- 58% of respondents to a new Korn Ferry survey said their managers fail to help them advance their careers.
- While 65% said they learn from their boss, 56% said their boss "motivates them little to no extent."
- Only 35% of workers consider their boss a friend.
- 40% feel they could do a better job than their boss does, though only 32% said they would want to take over that position.
Workers and their bosses share an important relationship in the workplace. A good manager can lead workers to be more productive, while a bad boss can drag everything down. With Boss's Day coming up this Wednesday, a newly released survey highlights how many professionals believe their managers are failing them.
According to a Korn Ferry survey released earlier today, 58% of the 804 workers polled online last month said their manager "does not help them advance their career." While the case could be made that most managers and bosses are there to ensure daily operations continue without an issue, Dennis Baltzley, Korn Ferry's global solution leader for leadership development, believes the lack of support workers feel could stem from other workplace issues.
"Many professionals have complicated relationships with their managers," he said. "While most are eager for their boss to help them learn and grow in their careers, the reality is many time-strapped and career-stressed bosses often don't make the effort to nurture their direct reports."
Extenuating circumstances may be hindering managers and their ability to properly lead workers, but researchers found that employees largely feel their managers fail them when communication breaks down.
Keeping an open dialogue with employees is paramount
No one likes feeling out of the loop, especially when that feeling is directly tied to their work. A good manager knows this and will share information with their employees when necessary. However, respondents felt they didn't have a strong line of communication with their bosses.
While 49% of respondents said they learn "to some extent" from their boss and 16% said they learn "to a great extent," more than half (56%) said their manager "motivates them little to no extent." That disparity could be largely due to managers failing to provide context to the information they share, according to Baltzley.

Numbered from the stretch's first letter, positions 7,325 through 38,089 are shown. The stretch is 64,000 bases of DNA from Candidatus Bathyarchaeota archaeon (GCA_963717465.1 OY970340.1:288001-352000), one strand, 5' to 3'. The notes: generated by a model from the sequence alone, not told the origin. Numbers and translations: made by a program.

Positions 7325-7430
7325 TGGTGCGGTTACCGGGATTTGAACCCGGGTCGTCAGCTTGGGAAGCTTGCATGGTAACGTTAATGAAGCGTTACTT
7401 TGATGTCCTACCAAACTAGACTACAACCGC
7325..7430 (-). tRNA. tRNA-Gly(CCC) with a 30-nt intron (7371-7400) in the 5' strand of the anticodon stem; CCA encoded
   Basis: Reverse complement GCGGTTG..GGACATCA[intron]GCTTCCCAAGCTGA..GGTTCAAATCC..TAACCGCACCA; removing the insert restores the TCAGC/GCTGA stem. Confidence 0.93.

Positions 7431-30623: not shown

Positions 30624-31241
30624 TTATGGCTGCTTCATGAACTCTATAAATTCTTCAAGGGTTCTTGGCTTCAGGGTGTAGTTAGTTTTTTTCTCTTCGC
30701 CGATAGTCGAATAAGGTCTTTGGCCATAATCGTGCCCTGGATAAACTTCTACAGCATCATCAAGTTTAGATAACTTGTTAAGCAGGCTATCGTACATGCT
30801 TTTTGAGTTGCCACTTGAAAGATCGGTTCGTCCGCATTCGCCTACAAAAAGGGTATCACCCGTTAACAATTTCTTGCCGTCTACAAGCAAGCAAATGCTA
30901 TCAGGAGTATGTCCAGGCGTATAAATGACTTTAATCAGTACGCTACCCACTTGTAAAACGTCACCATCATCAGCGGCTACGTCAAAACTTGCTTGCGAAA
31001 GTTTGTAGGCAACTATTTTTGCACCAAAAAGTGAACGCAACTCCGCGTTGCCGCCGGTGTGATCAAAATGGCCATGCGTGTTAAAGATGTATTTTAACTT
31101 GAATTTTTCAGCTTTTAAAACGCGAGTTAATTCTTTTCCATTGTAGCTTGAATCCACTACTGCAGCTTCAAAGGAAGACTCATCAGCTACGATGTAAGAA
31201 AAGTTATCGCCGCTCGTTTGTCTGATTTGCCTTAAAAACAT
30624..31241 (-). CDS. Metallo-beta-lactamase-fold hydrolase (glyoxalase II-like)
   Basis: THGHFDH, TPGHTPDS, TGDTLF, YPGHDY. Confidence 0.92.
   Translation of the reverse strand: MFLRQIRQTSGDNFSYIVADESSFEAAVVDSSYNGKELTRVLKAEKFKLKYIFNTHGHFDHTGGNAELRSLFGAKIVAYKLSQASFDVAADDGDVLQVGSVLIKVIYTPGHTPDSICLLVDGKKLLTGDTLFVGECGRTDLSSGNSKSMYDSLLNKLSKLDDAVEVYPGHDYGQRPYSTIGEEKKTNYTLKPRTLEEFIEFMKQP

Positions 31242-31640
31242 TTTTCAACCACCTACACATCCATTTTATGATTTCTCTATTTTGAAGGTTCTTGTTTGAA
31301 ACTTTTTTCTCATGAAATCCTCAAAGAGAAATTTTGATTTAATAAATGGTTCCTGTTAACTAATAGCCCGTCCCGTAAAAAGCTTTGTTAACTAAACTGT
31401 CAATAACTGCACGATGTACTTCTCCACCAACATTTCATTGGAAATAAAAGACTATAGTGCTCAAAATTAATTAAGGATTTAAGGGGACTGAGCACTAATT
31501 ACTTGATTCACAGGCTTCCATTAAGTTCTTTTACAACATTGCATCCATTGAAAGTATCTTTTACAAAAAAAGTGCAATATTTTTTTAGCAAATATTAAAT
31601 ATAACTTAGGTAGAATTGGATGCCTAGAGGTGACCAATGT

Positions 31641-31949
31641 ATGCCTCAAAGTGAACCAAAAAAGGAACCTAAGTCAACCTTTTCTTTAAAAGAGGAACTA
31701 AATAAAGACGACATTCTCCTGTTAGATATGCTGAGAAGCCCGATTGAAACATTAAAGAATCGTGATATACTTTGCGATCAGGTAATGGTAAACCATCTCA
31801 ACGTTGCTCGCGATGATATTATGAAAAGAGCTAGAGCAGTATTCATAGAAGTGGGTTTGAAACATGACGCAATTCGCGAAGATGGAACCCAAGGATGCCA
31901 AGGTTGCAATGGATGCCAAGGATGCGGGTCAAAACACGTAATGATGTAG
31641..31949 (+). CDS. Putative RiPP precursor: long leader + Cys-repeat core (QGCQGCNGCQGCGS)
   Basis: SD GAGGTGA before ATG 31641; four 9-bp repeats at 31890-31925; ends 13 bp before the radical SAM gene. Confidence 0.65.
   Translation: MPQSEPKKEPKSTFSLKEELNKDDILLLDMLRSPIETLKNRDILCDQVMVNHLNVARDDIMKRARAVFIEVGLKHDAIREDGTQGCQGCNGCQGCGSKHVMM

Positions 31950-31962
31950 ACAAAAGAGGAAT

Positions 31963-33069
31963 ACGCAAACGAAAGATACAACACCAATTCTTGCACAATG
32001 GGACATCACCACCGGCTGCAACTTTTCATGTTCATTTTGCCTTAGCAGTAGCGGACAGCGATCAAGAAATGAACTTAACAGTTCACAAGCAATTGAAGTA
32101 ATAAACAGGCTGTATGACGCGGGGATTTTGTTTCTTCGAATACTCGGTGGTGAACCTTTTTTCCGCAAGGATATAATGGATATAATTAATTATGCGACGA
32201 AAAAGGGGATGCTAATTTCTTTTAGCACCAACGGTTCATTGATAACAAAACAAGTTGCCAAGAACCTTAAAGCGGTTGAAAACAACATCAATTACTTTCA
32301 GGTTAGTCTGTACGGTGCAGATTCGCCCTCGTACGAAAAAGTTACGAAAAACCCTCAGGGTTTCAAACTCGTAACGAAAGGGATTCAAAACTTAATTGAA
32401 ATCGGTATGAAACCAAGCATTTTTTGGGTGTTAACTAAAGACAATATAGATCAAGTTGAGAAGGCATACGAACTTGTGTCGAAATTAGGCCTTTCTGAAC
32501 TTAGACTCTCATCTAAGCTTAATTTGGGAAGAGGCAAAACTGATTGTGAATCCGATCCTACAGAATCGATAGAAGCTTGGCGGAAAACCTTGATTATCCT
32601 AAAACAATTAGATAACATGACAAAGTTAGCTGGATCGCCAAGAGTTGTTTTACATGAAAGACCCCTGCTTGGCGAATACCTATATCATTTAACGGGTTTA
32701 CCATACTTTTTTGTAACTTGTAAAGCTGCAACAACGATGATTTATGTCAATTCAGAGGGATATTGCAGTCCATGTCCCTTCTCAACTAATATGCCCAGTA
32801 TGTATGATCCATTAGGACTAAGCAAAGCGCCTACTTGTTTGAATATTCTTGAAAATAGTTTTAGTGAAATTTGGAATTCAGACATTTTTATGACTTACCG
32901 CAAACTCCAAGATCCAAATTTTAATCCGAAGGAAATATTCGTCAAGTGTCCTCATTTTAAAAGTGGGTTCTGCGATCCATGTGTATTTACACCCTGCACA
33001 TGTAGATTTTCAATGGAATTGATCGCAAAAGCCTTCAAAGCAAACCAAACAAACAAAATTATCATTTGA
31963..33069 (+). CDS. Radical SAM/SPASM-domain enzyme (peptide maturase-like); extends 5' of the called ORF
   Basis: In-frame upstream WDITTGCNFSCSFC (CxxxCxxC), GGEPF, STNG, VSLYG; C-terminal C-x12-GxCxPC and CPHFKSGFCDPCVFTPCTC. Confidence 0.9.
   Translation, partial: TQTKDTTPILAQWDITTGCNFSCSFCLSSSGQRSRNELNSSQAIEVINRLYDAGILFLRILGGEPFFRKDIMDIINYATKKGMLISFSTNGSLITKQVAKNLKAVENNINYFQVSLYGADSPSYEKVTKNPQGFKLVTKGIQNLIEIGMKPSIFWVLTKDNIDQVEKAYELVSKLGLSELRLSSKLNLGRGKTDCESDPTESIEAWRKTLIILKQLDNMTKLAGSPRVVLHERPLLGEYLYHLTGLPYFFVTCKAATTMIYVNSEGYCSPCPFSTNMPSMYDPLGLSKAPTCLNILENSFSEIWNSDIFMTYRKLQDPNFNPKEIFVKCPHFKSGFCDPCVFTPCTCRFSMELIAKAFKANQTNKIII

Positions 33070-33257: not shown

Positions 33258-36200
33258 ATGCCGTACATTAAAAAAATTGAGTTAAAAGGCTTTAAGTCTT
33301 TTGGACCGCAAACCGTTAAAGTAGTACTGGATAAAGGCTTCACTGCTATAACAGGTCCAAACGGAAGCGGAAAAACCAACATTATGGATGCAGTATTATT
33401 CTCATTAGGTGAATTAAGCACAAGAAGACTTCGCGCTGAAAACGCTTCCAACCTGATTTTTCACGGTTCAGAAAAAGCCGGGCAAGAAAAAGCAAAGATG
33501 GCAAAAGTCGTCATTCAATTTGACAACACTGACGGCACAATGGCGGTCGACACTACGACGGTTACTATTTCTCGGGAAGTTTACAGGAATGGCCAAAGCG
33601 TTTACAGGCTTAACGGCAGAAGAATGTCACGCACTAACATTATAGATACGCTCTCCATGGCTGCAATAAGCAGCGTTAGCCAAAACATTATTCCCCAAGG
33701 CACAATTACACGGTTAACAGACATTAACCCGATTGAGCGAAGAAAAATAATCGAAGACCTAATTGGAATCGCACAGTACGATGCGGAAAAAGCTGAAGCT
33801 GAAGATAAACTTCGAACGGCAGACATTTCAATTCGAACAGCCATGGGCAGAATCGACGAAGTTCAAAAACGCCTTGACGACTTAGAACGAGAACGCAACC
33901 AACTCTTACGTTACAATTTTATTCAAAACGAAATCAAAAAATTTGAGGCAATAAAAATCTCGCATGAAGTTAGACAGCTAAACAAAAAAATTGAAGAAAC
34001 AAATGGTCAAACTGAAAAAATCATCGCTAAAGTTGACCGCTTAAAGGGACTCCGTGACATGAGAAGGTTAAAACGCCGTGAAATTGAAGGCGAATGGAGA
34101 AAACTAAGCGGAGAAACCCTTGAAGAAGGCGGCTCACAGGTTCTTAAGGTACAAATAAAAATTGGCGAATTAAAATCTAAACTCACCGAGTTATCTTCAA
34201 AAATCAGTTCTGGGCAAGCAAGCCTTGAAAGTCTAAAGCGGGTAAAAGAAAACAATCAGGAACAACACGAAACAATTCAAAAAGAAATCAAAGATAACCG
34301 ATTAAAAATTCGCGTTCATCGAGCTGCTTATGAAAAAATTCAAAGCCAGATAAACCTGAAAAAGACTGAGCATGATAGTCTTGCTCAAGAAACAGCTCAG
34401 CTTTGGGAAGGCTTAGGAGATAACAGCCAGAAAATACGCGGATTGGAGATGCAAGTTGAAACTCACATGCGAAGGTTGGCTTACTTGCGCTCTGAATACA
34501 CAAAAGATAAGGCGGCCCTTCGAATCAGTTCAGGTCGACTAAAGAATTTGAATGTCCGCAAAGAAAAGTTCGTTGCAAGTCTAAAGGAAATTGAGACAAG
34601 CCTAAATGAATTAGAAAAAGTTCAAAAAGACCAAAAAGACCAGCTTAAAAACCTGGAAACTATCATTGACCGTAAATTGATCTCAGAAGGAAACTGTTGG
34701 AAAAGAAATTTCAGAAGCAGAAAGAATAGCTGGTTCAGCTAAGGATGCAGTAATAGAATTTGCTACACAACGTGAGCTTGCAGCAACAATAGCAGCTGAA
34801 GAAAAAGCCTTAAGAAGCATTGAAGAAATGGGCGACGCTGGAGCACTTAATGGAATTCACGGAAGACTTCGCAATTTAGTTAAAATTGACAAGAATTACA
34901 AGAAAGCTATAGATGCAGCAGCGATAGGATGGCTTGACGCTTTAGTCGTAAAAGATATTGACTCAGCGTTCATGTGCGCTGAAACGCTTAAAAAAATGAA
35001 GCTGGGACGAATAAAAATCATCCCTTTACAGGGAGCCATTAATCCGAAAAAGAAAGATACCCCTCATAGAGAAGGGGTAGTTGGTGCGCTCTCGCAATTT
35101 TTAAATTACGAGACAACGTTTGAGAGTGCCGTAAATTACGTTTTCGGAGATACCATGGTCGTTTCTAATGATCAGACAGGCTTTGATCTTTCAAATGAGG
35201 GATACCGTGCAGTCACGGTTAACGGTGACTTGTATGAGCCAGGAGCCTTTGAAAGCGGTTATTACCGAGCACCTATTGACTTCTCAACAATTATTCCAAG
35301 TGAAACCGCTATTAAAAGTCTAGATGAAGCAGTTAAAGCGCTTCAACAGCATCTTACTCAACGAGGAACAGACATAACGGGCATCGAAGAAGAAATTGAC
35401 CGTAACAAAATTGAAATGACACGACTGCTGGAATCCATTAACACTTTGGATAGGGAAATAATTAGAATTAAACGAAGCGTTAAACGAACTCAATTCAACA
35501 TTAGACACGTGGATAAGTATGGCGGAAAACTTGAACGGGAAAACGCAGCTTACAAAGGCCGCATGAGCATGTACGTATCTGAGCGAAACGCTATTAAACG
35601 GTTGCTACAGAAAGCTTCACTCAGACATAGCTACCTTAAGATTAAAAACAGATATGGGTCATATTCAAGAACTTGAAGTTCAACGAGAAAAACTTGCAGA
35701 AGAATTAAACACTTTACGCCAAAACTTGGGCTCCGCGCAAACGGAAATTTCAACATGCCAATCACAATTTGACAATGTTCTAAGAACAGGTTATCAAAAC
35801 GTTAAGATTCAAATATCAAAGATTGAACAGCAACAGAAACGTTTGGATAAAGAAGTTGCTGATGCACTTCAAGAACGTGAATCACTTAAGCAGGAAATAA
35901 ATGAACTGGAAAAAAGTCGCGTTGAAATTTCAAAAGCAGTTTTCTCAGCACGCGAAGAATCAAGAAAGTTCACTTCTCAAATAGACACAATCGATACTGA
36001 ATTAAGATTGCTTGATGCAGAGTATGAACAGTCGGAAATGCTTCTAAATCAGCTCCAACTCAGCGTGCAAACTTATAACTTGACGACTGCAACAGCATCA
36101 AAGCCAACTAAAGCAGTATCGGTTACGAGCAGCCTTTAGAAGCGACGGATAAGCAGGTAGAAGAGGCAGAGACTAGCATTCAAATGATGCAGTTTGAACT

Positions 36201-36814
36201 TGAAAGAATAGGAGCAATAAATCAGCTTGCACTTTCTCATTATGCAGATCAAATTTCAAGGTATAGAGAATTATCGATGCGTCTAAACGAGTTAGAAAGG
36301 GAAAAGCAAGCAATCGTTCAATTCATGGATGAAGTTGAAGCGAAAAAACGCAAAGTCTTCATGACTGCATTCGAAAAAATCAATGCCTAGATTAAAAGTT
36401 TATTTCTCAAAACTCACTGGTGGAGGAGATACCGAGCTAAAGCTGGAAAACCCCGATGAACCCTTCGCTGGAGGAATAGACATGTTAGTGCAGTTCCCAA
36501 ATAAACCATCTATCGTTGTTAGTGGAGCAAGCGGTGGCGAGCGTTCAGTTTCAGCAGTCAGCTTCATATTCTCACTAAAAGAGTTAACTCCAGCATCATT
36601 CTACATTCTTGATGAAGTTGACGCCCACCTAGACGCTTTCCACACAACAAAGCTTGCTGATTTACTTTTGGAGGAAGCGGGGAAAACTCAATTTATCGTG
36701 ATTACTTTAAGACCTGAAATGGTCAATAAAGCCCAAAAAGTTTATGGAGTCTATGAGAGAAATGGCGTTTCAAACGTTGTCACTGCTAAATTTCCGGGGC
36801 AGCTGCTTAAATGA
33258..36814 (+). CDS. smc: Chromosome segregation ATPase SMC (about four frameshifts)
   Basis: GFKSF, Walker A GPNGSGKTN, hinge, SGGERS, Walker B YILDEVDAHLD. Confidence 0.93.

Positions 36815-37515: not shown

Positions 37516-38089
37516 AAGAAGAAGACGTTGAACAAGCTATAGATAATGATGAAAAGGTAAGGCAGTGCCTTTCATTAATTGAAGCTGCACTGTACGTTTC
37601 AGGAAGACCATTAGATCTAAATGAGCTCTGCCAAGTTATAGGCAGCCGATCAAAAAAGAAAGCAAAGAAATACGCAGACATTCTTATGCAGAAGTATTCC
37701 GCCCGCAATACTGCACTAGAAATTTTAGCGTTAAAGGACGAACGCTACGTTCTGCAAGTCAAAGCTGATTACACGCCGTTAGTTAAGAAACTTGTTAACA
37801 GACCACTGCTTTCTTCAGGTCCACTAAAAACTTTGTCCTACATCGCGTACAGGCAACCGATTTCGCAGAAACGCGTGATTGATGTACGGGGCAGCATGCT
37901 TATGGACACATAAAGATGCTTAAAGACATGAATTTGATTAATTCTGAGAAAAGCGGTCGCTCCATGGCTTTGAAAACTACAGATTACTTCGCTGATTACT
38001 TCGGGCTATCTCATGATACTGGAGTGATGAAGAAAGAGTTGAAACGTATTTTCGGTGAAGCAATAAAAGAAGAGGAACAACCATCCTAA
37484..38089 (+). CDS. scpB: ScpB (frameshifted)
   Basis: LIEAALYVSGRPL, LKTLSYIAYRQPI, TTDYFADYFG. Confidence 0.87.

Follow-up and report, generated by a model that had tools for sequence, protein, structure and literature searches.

"Communication gaps have been at the center of management and direct report disconnects since the beginning of time," he said. "Managers often feel they are communicating a great deal, and direct reports feel that they don't have enough context or information. It's important to keep an open and continuous dialogue between managers and their direct reports so everyone understands priorities, what success looks like and how responsibilities are divided to achieve shared goals."
Bad actions hamper bosses
Managers may need to rethink how they communicate with their employees, but researchers also found some bad behaviors that undermine workers entirely.
According to the survey, 48% of respondents said they'd experienced situations where their boss took credit for something they'd done. That kind of action not only leaves a bad taste in the employee's mouth, but it can keep them from advancing in their careers, as higher-ups attribute good work to the wrong person.
There may be even worse widespread behaviors from managers than taking credit for other people's work. Researchers also learned that 39% of respondents' bosses had "thrown them under the bus" at some point. When a manager fails to back up their employees during difficult times, it often leads to employees losing faith in their manager's ability to lead. As a result, only 35% of respondents said they consider their boss a friend.
When asked whether they could do a better job than their boss, 40% of respondents said they could. However, only 32% said they would take on the added responsibility if offered.
Ultimately, Baltzley said, employees shouldn't rely on their managers to steer their careers in a better direction.
"It's important that professionals understand that support from their boss is not the only path to success," he said. "Researchers point to the 70-20-10 rule, where 70% of what you learn is from on-the-job experiences, 10% is from formal academic learning, and 20% is from relevant other people, such as a boss. It's critical that professionals chart their own career."